Derek Künsken returns to the universe of The Quantum Evolution for his third of four planned volumes The Quantum War. Although readers of Künsken’s works may also know that this series links to his most recent book, The House of Styx, set five hundred years before. Of the three Quantum Evolution books The Quantum War rests most heavily on the events of that book with much of the action taking place in the skies of Venus.
This volume opens shortly after the events of The Quantum Garden. The war that Belasarius Arjona had a hand in starting is gathering momentum. As part of that war, and directly as a result of the events of The Quantum Garden, the Congregate has captured one hundred and fifty of Arjona’s fellow homo quantus and is modifying their brains in order to enable them to pilot their fighters. Arjona hatches a plan to rescue the survivors – a plan that will mean using himself as bait, putting his old team (from The Quantum Magician) back together and relying on a group of very unreliable allies to help him.
Despite following directly on from the previous book, The Quantum War takes a while to get going. This is partly because Künsken has to catch readers up on what has been going on in the broader galaxy. The book also jumps between the present and the action of a few months before to tell the story of the man kidnapped by the Congregate and used to find a way to weaponize the homo quantus. Once Arjona has organized to be captured and the plan starts to tick into place, the story kicks into a high gear that it never gets out of.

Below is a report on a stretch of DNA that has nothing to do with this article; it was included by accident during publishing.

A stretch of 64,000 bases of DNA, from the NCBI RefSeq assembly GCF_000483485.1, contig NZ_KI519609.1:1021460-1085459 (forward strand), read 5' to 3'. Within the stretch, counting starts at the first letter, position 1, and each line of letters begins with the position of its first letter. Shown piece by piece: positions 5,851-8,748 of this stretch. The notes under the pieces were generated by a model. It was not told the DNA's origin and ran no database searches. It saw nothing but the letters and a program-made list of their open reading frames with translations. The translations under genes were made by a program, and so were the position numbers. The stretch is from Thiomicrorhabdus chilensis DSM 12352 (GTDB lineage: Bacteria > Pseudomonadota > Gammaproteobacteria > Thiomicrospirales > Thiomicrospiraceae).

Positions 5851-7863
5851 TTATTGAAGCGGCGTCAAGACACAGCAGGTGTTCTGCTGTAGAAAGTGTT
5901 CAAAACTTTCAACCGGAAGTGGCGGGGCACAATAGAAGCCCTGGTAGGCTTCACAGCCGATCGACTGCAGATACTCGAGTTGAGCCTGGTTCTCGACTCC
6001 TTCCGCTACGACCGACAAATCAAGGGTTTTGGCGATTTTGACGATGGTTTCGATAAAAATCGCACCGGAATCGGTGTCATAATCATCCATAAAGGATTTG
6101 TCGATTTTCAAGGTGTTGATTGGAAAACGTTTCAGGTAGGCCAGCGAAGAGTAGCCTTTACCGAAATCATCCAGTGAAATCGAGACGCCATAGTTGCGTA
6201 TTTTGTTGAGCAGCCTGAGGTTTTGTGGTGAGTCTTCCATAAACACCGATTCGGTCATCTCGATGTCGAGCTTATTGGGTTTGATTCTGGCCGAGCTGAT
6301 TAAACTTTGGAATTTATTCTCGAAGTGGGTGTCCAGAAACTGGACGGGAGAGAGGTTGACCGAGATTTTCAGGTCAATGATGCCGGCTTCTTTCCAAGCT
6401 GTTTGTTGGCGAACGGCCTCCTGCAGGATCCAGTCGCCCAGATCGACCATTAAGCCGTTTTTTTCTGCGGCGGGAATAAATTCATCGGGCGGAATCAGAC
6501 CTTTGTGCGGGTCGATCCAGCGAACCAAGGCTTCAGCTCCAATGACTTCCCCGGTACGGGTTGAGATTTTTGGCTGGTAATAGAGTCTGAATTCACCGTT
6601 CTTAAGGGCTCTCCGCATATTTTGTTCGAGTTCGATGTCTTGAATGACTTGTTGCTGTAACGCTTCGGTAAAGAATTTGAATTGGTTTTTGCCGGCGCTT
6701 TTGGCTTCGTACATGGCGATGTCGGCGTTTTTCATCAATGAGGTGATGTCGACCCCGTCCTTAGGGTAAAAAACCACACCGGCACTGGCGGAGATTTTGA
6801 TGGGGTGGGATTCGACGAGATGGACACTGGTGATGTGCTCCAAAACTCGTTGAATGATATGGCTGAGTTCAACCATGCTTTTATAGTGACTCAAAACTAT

Künsken has demonstrated over and over again his love of heist mechanics and his ability to keep a bunch of different plot strands in motion as events play out. As always, nothing goes exactly to plan and the team have to either improvise or sacrifice in order to swing the action back in their favour. And all this action supported by a range of colourful supporting characters and moustache-twirling villains. Much of the action of The Quantum War takes place in the skies of Venus, a milieu that Künsken is incredibly comfortable in. But there is more to this than the action. Debates about religion, evolution and free will rage between the variously genetically engineered characters.
The Quantum War is another fun entry in this constantly surprising series. With one more volume expected it will be interesting to see how Künsken brings the series home. At the same time, waiting for the sequel to House of Styx to start to show how the family that readers are asked to root for in that volume became the foundation of the villains of this piece.